Lose weight. Spend less money. Join a gym. Write the great American novel. All these things reside in our wish-I-would-finally-make-it-happen-basket or what’s better known as New Year’s resolutions. We believe we’re supposed to make them. It’s a tradition on January 1. Friends, family and co-workers ask about them. So why do we make the effort to write down what we’re not really determined to do? Maybe it’s because resolutions give us:
- hope that maybe this year will be different than the last
- direction as we embark on the new year
- a feeling of belonging since everybody else is making them
- the chance to change something
We always kick off the year with gusto, but with each day we lose the o, the t, the s, the u, and then g, and our aspirations land by the side of the highway in our don’t-want-to-do-it pile. Those desires that materialized with enthusiasm now have become defeating and discouraging. The University of Scranton research concluded that just 8 percent of people achieve their New Year’s goals. Are you typically part of that 8%? Our good intentions acquiesce to other “to-do” lists more pressing and demanding.
Let me offer a little encouragement and insight. First, I don’t refer to them as resolutions but rather goals. A goal is something you aim toward. If we didn’t set goals, then we would never have a target, somewhere to focus, and never be further down the road than last year. New Year’s goals give us parameters, something to work toward, or a roadmap to direct our path. Even if we make a list of five objectives-but only accomplish one-at least we’ve achieved something.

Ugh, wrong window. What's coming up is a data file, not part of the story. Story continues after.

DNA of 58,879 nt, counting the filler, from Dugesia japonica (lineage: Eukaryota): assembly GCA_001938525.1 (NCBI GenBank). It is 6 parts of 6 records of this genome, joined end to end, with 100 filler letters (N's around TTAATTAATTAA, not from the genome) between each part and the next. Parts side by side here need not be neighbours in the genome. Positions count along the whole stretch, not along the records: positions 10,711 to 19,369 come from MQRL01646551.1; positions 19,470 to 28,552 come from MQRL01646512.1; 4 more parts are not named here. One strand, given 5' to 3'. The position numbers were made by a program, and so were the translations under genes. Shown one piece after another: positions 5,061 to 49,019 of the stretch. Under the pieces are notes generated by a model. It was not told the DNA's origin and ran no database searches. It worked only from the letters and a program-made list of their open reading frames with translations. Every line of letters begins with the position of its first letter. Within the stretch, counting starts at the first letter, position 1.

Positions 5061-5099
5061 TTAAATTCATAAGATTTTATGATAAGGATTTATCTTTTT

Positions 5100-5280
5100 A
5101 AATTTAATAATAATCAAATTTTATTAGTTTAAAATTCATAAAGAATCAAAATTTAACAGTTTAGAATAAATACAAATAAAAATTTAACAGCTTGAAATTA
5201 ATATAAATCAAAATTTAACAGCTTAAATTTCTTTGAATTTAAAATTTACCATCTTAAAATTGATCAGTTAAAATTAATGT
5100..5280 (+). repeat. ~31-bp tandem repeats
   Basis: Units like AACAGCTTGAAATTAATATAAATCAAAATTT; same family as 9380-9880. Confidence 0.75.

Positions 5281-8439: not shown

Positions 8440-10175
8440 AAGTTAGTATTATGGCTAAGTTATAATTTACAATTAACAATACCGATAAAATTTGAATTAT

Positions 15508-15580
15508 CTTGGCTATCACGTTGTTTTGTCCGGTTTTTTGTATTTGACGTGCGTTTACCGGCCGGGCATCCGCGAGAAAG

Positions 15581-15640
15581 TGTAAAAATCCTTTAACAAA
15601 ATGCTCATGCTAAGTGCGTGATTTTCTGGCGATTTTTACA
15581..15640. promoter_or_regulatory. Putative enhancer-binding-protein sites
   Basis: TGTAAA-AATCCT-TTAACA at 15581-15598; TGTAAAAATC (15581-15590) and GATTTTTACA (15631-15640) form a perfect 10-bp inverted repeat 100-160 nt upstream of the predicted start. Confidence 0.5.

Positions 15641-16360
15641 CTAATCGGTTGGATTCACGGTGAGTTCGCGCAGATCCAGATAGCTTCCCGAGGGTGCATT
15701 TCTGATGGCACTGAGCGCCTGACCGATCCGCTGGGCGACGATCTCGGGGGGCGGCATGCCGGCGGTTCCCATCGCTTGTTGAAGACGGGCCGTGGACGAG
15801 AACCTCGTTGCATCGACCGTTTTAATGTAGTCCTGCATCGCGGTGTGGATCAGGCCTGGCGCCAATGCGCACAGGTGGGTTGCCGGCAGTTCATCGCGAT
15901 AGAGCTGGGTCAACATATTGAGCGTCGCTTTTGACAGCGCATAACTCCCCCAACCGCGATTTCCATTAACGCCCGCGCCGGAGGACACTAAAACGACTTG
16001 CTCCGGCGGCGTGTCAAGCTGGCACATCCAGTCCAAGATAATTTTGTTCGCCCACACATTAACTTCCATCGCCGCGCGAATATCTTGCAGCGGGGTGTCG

Second, keep your list short and attainable. Don’t jot down a multitude of things that require attention and effort because you won’t be able to concentrate on any of them adequately, and therefore, making all difficult to reach. Make sure your objectives are realistic and reasonable. For example, you probably wouldn’t write down “compete on Dancing with the Stars” when you’re not a famous star or a professional dancer. But you might hang on your refrigerator a reminder to eat healthier.
As 2018 slowly fades into 2019, I’ll probably write my usual goals of losing weight, exercising more, and increasing my time with God. I know I won’t be victorious in all areas the majority of the time, but when 2019 comes to an end, I will be further down the road and reached the next mile marker.
May 2019 be your year of progression toward at least one of your targets of change or success. Happy New Year!
About Shelley Pulliam
Howdy! (A girl from Oklahoma has to use this as her greeting) I’m Shelley Pulliam, executive director of Arise Ministries and former teacher of hormone-filled 8th graders. But my real claim to fame rests in my award as second grade spelling bee champ and my recent gun-handling skills as I train to competition shoot. It helps me be on guard when Satan comes knocking. I’m a voracious reader and can frequently be found at the theater enjoying movie marathons where my record stands at six in one day. I’m a single, never married, who loves to pour into children at every opportunity. Let me know if you have any for sale. You can connect with me on social media. https://www.instagram.com/shelleypulliam/